3. Finally, W. The second Bush had already launched one major invasion when he went after Iraq. It had, at the time, seemed successful, even though the initial conditions (lack of a coast or reliable bordering allies) seemed worse. Bush also had an increased tolerance for lost American lives and extended warfare. Therefore, an American invasion of Iraq didn't seem so bad.

    So, far from one coherent policy, we have administrations, all following three different policies toward Iraq, all distinguishable as their favored policies because they were actions they had taken before in different circumstances. Therefore, even ignoring the last four years, your analysis of the previous thirteen is fatally flawed.

    "Or most important, that the current executive is about to launch a monstrous attack on Iran"
    "War on the horizon? My crystal ball is cloudy"

    Backed down pretty quickly on that one, didn't you?

    However, you did inspire me to begin reading Al Jazeera again . The headlines are not much different than BBC, but there are some interesting articles. I don't read Arabic though, so maybe their coverage is much different in their native language. The article they highlighted seemed to back my position more than yours, though:

    "So here's a theory: Netanyahu and his camp followers here do not really want a war now. They just want it understood that they can dictate whether there is one or not. And when. In other words, they want to show who is boss (it's not like we don't know).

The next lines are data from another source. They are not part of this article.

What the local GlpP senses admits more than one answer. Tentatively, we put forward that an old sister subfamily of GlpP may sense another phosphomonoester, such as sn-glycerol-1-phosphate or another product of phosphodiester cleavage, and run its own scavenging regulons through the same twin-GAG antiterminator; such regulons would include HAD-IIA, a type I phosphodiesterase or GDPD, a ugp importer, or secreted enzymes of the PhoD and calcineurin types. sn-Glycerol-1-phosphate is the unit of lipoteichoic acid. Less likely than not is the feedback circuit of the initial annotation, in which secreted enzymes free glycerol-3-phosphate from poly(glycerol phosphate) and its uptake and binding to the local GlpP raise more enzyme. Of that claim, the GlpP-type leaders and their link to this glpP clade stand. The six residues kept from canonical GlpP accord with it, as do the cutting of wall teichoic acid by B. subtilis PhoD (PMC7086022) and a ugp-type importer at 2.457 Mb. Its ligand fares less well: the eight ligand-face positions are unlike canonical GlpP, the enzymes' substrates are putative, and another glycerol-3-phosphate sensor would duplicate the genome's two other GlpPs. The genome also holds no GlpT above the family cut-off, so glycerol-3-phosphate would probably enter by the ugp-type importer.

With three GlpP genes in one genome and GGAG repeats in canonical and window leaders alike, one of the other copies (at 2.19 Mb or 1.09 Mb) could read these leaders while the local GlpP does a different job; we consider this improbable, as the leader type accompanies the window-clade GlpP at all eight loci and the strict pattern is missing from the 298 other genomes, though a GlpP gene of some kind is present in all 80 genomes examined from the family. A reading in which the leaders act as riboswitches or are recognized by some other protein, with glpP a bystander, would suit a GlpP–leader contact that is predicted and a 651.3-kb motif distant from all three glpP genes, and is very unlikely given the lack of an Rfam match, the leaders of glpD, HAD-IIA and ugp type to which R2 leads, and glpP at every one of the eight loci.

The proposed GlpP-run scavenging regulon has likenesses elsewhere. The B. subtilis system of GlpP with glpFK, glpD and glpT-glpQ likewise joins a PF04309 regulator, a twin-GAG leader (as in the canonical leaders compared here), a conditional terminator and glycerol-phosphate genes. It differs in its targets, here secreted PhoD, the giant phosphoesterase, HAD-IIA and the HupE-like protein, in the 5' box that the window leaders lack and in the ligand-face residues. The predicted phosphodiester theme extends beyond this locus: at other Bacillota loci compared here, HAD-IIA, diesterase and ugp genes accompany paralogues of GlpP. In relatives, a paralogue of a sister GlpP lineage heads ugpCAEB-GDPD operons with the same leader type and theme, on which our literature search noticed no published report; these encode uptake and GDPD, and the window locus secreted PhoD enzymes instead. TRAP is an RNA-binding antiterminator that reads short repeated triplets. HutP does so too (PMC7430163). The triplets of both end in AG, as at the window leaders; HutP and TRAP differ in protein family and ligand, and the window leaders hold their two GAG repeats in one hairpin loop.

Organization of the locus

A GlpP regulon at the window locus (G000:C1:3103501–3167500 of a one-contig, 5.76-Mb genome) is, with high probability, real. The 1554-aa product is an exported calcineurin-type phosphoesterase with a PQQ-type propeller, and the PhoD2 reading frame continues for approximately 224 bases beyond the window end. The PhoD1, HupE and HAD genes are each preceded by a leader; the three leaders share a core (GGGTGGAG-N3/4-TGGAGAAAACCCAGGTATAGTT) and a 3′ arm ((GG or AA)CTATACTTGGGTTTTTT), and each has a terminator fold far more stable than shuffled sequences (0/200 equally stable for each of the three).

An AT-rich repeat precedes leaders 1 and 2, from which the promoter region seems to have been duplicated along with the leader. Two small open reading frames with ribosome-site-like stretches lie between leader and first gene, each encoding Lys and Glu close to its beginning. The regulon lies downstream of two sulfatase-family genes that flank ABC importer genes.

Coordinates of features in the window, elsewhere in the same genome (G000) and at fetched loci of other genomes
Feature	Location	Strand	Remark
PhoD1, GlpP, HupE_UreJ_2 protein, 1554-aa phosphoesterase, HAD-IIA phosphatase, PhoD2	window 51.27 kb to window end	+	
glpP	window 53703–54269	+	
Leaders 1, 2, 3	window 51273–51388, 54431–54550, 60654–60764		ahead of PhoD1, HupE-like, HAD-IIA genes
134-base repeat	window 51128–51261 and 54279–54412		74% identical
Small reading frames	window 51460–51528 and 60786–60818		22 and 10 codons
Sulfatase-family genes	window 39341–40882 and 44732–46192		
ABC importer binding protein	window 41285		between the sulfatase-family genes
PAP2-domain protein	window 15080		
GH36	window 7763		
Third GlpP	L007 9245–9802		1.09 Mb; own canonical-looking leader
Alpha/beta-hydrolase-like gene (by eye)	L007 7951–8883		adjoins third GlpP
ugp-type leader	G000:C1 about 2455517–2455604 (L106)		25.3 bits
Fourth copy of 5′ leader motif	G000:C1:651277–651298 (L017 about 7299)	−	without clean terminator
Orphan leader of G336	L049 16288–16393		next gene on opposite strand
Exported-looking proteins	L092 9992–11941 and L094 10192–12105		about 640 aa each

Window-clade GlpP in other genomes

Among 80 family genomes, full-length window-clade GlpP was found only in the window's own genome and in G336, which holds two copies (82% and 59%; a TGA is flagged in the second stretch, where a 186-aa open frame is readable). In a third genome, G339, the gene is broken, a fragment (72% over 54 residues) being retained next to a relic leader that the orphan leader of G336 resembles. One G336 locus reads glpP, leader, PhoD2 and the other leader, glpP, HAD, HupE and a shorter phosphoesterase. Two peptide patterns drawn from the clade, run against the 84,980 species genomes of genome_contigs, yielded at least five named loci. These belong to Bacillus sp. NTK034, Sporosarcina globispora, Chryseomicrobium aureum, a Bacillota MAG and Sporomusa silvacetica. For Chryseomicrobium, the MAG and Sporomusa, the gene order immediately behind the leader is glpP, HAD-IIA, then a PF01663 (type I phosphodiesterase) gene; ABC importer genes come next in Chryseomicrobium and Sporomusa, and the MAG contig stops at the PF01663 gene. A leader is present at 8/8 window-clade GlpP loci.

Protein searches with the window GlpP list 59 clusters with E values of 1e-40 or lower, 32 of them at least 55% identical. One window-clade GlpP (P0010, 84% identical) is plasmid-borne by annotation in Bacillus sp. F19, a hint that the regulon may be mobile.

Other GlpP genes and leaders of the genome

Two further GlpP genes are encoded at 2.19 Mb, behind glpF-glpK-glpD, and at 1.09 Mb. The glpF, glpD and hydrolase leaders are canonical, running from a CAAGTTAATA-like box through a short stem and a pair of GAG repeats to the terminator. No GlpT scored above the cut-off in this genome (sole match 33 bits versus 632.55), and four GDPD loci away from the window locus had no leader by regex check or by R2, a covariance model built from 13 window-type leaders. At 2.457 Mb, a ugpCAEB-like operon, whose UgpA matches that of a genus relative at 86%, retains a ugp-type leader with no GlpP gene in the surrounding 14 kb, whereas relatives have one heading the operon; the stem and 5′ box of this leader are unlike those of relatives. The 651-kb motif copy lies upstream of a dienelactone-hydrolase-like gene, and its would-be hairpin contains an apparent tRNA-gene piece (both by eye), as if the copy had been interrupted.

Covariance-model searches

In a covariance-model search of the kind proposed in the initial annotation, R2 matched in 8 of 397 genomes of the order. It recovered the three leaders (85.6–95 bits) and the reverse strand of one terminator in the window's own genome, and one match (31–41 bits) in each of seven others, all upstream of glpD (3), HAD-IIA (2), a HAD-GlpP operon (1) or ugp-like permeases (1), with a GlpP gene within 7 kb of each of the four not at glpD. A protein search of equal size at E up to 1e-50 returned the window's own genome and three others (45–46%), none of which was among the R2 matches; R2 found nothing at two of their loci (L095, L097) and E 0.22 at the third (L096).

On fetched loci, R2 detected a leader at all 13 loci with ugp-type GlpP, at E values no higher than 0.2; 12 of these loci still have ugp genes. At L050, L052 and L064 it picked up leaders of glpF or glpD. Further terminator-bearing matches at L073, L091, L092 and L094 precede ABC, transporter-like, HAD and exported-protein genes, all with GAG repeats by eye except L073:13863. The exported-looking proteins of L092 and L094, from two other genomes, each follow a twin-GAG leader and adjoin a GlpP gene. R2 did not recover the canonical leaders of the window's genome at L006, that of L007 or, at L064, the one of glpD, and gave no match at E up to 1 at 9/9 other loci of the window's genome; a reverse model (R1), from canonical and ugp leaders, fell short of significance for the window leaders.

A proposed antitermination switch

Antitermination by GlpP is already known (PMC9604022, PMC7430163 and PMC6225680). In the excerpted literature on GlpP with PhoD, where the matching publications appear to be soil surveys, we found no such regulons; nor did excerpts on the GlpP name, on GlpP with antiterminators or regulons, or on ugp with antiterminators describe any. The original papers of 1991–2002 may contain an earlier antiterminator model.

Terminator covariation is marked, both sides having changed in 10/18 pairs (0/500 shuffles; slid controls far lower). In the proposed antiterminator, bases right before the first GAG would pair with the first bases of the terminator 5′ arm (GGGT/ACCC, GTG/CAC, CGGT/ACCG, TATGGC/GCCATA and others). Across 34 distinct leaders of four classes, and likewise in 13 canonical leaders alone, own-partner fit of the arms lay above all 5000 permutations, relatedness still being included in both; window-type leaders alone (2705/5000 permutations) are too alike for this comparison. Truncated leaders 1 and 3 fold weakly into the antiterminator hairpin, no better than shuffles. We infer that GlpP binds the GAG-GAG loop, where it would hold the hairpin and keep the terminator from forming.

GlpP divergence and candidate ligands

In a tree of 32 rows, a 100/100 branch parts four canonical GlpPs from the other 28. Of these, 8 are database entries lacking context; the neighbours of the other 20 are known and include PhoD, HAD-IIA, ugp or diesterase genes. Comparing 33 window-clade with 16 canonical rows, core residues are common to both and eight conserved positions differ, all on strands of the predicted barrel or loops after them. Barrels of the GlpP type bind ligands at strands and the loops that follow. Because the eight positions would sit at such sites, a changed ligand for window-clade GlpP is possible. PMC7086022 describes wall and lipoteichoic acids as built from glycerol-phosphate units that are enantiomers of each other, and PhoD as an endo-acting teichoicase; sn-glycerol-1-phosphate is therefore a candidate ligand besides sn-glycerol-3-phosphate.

As for Obama, he may just be playing along with Netanyahu and AIPAC because he understands their strategy. Perhaps he knows that it isn't war they want but the illusion of control.

    Only, it's not an illusion. And it certainly won't be if Netanyahu gets the president he wants in November – a Republican who will fight the war Netanyahu wants but isn't eager to fight himself. Surely Mitt or Rick or Newt will do it for him."

    Finally, one point about human rights – even if they are not the true motivation behind an action, they are nonetheless appropriate measures for measuring the results of one.

    On an unrelated note, have you seen the film 'Kagemusha', by Akira Kurasowa? I think you would enjoy it quite a bit; it's set in the Takeda clan immediately prior to the Tokugawa shogunate, and it's all about deception and the difference between the visible head of state and the true power in it; right up your alley, I should think!

  • Man I hate it when you go all Kaley on me, dissecting every word, studying minutiae rather than the big picture. Ah well, here we go.
    ________
    "Libya was already in state of full scale civil, in other words, internal violence, when we began our overt involvement. “

    Why? God in a machine? http://pieceofmind.wordpress.com/2012/02/11/slaug
    ________
    "Syria, where we allowed the Arab league to try implementing a peace agreement (precisely what some said we ought to have done in Libya), is also embroiled in internal violence."

    Repressive regime, but who cares. Opposition well-armed. Poorly reported here. More complicated than this. You over-simplify to the point of useless commentary. You have to understand the underpinnings of the revolt, the assets that Syria possesses, and the positioning of American power around it to grasp this situation. As with Libya, though by different means, it's about strategic resources.
    __________
    …and we have still gotten rid of Gaddafi, a long term goal.

    False. They were fine with him till he got off the petrodollar and attempted to shake down oil companies.
    __________